Heroism and sacrifice
By Robyn Welsh, Features Editor
As you may already know, Remembrance Day – Nov. 11 – signifies the final day of the First World War. In 1918, the war finally came to a close on the eleventh hour of the eleventh day of the eleventh month, and now, many individuals take two minutes of silence to remember those who died in the war.
But why is it important to remember? We remember so that the sacrifices of our fellow Canadians remain meaningful. Often, it is taken for granted the amount of freedom we have as a citizens of such a peaceful country. The very freedoms we place confidence in today are what the soldiers in the First World War fought to protect. Though we are not always conscious of it, we often forget how lucky we are to have the amount of freedom and safety that we do.
It is important to remember several notable battles during the war in order to fully comprehend the Canadian casualties. The battle at Ypres, Belgium, Canada’s first major battle, saw catastrophic casualties. German troops used chlorine gas to slow the Canadian troops from advancing, and in the span of 48 hours a third of the Canadian troops were dead, laying in pools of their and their comrades’ blood.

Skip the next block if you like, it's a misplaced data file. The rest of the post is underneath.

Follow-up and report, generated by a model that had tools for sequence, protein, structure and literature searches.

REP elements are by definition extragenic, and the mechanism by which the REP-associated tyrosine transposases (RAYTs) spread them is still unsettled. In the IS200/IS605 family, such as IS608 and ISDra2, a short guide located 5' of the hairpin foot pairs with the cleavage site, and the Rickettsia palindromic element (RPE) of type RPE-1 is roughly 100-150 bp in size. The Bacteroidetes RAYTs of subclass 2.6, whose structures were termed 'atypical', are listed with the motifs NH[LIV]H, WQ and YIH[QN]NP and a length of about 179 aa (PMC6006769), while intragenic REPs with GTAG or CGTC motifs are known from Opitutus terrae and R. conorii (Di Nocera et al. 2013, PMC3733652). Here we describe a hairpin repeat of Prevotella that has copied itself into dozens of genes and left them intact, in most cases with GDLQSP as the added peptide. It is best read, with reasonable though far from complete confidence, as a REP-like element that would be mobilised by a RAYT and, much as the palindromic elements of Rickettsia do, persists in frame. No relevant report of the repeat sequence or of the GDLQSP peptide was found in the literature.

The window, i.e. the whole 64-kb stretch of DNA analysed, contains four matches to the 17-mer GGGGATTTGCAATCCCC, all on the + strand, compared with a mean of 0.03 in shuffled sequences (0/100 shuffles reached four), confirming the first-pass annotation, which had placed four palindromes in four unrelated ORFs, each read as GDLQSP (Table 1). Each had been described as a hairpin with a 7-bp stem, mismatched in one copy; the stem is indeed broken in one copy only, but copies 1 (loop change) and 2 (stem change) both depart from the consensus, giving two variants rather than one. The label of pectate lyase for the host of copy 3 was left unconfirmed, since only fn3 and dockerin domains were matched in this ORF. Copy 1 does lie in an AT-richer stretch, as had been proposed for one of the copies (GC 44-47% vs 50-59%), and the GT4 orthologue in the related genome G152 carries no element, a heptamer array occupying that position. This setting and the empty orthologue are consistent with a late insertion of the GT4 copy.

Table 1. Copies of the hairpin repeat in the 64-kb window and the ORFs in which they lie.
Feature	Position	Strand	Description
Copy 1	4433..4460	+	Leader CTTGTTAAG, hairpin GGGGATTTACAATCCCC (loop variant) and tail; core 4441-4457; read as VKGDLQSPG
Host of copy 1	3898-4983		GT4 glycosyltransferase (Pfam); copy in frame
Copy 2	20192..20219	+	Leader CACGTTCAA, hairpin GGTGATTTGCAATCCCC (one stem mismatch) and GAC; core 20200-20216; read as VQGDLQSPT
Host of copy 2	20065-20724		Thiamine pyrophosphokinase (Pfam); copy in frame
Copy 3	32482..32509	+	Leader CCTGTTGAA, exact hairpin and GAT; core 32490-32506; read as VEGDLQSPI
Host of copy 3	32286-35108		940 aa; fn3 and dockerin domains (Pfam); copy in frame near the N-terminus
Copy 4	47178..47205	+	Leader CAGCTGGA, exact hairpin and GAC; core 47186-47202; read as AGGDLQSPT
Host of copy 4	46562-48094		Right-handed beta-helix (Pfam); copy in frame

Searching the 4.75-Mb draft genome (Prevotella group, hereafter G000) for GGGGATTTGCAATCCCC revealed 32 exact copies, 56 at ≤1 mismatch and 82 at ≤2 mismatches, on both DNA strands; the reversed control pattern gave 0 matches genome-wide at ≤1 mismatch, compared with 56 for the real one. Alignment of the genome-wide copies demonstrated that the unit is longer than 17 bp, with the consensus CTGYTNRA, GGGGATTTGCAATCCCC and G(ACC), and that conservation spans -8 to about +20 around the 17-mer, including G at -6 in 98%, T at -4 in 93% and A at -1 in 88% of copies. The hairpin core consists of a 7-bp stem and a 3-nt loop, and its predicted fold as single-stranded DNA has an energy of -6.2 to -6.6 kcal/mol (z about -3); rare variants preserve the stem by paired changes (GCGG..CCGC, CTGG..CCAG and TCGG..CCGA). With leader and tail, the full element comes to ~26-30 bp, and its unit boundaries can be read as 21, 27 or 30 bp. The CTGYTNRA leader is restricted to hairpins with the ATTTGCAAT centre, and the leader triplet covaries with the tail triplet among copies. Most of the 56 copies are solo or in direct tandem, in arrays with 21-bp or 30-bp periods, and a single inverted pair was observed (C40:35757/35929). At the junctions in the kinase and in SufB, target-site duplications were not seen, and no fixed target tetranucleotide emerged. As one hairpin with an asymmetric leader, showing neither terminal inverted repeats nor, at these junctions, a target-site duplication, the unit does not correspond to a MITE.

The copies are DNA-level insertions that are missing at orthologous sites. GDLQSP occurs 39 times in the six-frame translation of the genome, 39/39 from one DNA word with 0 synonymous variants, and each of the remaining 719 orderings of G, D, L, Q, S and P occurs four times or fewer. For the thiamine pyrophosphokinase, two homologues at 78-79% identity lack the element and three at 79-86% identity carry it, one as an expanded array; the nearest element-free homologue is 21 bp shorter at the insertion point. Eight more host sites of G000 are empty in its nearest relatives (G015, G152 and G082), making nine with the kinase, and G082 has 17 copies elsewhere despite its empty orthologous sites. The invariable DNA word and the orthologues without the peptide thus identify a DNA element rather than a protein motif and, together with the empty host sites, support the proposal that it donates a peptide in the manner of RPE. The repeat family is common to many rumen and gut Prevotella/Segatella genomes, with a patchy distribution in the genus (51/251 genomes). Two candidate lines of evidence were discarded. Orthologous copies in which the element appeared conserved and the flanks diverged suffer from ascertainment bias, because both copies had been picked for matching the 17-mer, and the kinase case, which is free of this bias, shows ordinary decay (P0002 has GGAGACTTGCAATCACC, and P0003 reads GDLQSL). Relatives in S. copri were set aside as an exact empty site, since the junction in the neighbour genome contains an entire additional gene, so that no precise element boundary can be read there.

Another important battle to remember is Vimy Ridge. Though Canada had a major victory in Vimy Ridge, there were more than 10,000 casualties within six days, and after this the war continued on for more than a year.
During the war, poppies quickly became a symbol of remembering and the war. Popularized in Canada by John McCrae’s famous poem, “In Flanders Fields,” poppies became a beacon of hope – a symbol of nature withstanding the war and violence of war and man. Though the fighting continued on, poppies bloomed and thrived between crosses and continued to cover fields.
The poppies that are worn in Canada are typically made by disabled war Veterans. Proceeds from purchasing poppies go toward The Poppy Campaign: a campaign that supports Veterans and their families if they are in need.
So take it upon yourself to pause for a couple minutes on Nov. 11, remember the bravery, sacrifices, and pure heroism of our Canadian soldiers – not only in the First World War, but every war Canada has fought in since. If you decide to wear a poppy on your lapel, remember what and who it stands for so that the sacrifices and lives of those who fought will forever live on.